Millions of Americans provide unpaid elder care services to family members or loved ones every year. These people often provide such care without any expectation of reward or even gratitude. Yet there comes a time when providing elder care services crosses the line between caregiving and caretaking. Though the two words seem synonymous, one relationship is positive while the other is damaging.
A caregiving relationship is one in which the caregiver and the elderly person both benefit. The caregiver comes away from the relationship feeling inspired, appreciated, needed, and with a sense of having accomplished something. Providing elder care services as a caregiver is a positive experience.
On the other hand, caretaking is stressful, demanding, exhausting, and frustrating. In a caretaker relationship the person providing elder care feels overwhelmed and unable to manage the task adequately. Caretakers will often feel as if they need to address every potential problem the elderly person faces. As a result the caretaker can begin feeling resentful, depressed, and angry, feelings that will not only exist in the relationship with the elderly person, but also with other people outside of the elder care relationship.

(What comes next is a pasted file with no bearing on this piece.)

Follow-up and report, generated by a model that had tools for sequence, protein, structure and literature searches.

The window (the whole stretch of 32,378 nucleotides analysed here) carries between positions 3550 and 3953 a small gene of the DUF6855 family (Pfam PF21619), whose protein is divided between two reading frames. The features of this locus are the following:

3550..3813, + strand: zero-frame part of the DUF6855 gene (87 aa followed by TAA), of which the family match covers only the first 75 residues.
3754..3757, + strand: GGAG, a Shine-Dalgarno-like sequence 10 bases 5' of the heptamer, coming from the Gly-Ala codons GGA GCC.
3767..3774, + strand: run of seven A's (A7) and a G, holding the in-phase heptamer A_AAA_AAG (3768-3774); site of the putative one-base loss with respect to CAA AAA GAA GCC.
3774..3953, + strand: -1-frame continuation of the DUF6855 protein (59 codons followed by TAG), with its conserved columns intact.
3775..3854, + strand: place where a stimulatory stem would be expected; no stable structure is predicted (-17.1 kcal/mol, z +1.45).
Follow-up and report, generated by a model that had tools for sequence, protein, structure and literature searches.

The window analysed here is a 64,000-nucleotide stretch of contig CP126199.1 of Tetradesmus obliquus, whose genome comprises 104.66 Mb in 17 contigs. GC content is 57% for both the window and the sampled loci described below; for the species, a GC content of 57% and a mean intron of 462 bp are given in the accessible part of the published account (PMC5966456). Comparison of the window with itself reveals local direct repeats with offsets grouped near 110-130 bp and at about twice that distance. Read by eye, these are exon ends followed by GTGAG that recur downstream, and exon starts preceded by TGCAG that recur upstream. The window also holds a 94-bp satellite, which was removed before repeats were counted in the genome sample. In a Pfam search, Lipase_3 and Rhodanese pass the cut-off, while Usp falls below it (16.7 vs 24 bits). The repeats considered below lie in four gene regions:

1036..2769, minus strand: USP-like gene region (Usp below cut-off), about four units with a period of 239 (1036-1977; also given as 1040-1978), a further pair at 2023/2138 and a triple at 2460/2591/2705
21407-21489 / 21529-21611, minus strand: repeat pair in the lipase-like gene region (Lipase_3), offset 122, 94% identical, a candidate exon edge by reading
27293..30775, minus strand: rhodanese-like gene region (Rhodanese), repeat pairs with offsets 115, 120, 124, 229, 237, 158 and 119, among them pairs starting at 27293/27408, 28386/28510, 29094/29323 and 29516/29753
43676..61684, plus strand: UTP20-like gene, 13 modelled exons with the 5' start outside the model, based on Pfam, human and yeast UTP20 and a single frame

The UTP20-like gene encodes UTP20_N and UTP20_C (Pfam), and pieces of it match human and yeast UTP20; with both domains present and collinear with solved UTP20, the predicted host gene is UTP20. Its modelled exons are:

It’s often difficult to know when you’ve crossed the line between caregiving and caretaking. As a result, many people who are overwhelmed by the elder care process never recognize the difference and let the relationship damage their own lives.
If you are currently providing elder care services it’s important to periodically take a break and evaluate how it is affecting your life. Knowing when to ask for help and cut back on your duties can be a benefit to both you and the elderly person.